• Hi Ray Go - Yes, it should be possible to install VS 2008 on Windows 7 - I have it installed on my Windows 7 computer currently.

    The error you are getting sounds like it might be due to a corrupt download of the setup package that you're installing from.  I'd suggest trying to re-download and re-run VS 2008 setup to see if that helps resolve this error.

  • Aaron,

    Thank You. I downloaded a newer professional edition of VS 2008 and installed in Win 7 and it worked .I need to install on other windows 7 machine also . But I can do it later. Your tip helped.

    Ray

  • Thank you for collection this information.

  • Hi Aaron,

    Could you please help me with my issue. I had an application which was developed in .Net framework 2.0 and was working fine with windows XP...Recently when I installed Win7, my application has stopped working..

    Could it be some sort of compatibility issue??

  • Hi Sharon - Yes, it is possible that you're running into a compatibility issue.  Windows 7 includes the .NET Framework 3.5.1 as a part of the OS, and that includes the .NET Framework 2.0 SP2 and 3.0 SP2 behind the scenes.  When you've been using your application on Windows XP, did you have the original release of the .NET Framework 2.0 installed, or did you have the .NET Framework 2.0 SP2 installed?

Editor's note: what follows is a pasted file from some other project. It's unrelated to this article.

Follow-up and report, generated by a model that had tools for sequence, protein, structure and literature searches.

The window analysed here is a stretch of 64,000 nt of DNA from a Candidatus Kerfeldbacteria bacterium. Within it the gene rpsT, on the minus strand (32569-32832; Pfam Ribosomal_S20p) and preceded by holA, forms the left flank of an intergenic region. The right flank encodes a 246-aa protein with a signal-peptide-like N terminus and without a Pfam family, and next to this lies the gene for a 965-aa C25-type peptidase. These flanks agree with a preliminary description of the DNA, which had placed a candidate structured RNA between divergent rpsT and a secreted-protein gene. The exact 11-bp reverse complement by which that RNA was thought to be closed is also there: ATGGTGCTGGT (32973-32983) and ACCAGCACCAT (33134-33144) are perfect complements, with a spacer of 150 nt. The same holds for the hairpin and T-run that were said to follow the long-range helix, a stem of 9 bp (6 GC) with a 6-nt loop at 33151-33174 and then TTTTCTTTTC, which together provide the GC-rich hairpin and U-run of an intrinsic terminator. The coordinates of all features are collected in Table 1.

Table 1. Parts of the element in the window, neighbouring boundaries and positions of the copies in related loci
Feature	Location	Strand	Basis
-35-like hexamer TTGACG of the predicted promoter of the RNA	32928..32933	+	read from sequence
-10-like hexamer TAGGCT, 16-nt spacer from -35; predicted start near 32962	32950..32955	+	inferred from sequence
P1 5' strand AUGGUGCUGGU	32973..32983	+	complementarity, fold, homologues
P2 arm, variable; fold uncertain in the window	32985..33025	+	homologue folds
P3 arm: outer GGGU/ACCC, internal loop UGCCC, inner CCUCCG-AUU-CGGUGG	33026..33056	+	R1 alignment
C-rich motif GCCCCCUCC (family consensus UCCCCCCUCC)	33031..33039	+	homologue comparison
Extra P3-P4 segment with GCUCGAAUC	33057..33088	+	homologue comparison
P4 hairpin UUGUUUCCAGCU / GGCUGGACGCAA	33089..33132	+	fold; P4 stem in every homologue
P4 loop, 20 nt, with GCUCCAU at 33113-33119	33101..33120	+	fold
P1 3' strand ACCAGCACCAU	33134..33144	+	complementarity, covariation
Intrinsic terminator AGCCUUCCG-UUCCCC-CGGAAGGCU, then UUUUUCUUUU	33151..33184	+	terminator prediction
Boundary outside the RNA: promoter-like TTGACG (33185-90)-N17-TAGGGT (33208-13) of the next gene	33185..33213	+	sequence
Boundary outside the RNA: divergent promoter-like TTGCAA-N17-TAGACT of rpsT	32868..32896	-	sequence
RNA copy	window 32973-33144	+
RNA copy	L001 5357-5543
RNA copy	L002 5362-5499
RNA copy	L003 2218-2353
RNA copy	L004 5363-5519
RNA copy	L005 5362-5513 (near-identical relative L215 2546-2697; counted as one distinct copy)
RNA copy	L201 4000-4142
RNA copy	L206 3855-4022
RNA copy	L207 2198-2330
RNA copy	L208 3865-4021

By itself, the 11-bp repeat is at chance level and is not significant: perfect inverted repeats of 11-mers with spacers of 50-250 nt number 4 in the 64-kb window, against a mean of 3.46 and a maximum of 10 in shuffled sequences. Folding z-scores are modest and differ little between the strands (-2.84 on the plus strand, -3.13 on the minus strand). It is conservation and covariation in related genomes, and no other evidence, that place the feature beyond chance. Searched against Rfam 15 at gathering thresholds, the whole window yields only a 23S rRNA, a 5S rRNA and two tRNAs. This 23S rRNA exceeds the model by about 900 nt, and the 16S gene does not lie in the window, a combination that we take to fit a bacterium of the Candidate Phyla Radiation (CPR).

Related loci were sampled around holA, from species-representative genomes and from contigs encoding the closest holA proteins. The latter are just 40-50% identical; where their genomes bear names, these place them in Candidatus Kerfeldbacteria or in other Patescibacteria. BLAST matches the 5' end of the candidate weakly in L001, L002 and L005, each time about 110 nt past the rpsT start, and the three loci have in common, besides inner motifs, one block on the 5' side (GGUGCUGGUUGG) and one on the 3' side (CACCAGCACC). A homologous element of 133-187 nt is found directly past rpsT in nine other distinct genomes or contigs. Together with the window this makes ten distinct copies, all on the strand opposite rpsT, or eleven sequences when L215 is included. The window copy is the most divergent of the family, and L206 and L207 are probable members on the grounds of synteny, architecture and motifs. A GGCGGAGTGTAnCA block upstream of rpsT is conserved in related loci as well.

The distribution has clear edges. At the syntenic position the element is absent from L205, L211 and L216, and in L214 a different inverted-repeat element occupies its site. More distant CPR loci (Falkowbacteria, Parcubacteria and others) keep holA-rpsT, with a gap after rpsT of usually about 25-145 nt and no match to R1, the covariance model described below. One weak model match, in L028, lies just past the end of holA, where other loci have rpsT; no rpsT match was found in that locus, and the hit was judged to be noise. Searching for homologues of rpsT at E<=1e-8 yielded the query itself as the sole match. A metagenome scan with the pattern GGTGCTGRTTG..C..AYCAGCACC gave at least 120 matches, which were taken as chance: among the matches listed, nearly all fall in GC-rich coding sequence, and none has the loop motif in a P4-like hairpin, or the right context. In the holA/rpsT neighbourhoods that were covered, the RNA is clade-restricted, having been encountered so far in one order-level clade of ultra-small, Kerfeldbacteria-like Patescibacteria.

What kind of error do you see when you try to run on Windows 7?  Are you able to debug it to try to narrow it down further?

  • Hi Aaron,

    I am new to this application, so I am not aware that whether we had the original release of the .NET Framework 2.0 installed, or the .NET Framework 2.0 SP2 installed!!

    Actually I don't see any error, but it stops working...When I open the application, it starts up, but when I open any task inside it, it closes by itself, without giving any error.

  • Hi Sharon - In your original comment, I was under the impression that you were the developer of the application.  It sounds like you're a user of the application, not the developer.  In that case, I'd suggest contacting the application's manufacturer to see if they have any known issues on Windows 7 and/or have any patches or new versions available to download.

    When the application starts up and closes by itself, you can usually go to the Application Event Log (by running eventvwr) and looking for warnings and errors to get more details about the cause of the crash.

Page 2 of 3 (32 items) 123
Leave a Comment
  • Please add 6 and 7 and type the answer here:
  • Post